Globally, adolescent girls and young women (AGYW) are disproportionately impacted by economic, demographic, and social factors associated with a wide range of negative outcomes.
The objective of this study was to use latent class analysis (LCA) to identify groupings of AGYW in Lesotho based on patterns of gendered risk factors, and to assess the association between the identified groupings and intimate partner violence (IPV) and low educational attainment.
Data were from the 2018 Lesotho Violence Against Children and Youth Survey. AGYW reported gendered risk factors: teen pregnancy, child marriage, intergenerational sex, early sexual debut, being HIV positive, transactional sex, endorsement of one or more negative traditional gender norms, and one or more norms supportive of violence against women.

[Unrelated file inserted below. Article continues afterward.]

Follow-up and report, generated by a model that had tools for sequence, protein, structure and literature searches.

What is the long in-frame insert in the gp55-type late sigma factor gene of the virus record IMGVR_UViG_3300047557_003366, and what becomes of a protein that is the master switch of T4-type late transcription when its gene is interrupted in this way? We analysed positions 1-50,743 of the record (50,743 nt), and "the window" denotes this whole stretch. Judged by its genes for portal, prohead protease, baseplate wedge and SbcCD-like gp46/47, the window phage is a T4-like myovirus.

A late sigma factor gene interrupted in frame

LCA identified latent classes of eight gendered risk factors. Multivariable logistic regression assessed associations between latent classes and IPV victimization and low educational attainment.
A three-class solution was selected, and classes were named as: Low Risk class, Behavioral Risk class, and Attitudinal Risk class. Odds of low educational attainment and IPV were higher in the Attitudinal Risk class than the Low Risk class. Odds of low educational attainment and IPV were higher in the Behavioral Risk class than the Low Risk class and the Attitudinal Risk class.
In Lesotho, gendered risk factors form distinct classes that have variable associations with low educational attainment and IPV. LCA can be an important approach to better understand the complicated relationship gendered risk factors have with each other and with certain outcomes, to further elucidate the influence that gender has on the health of AGYW and to provide more targeted prevention programming.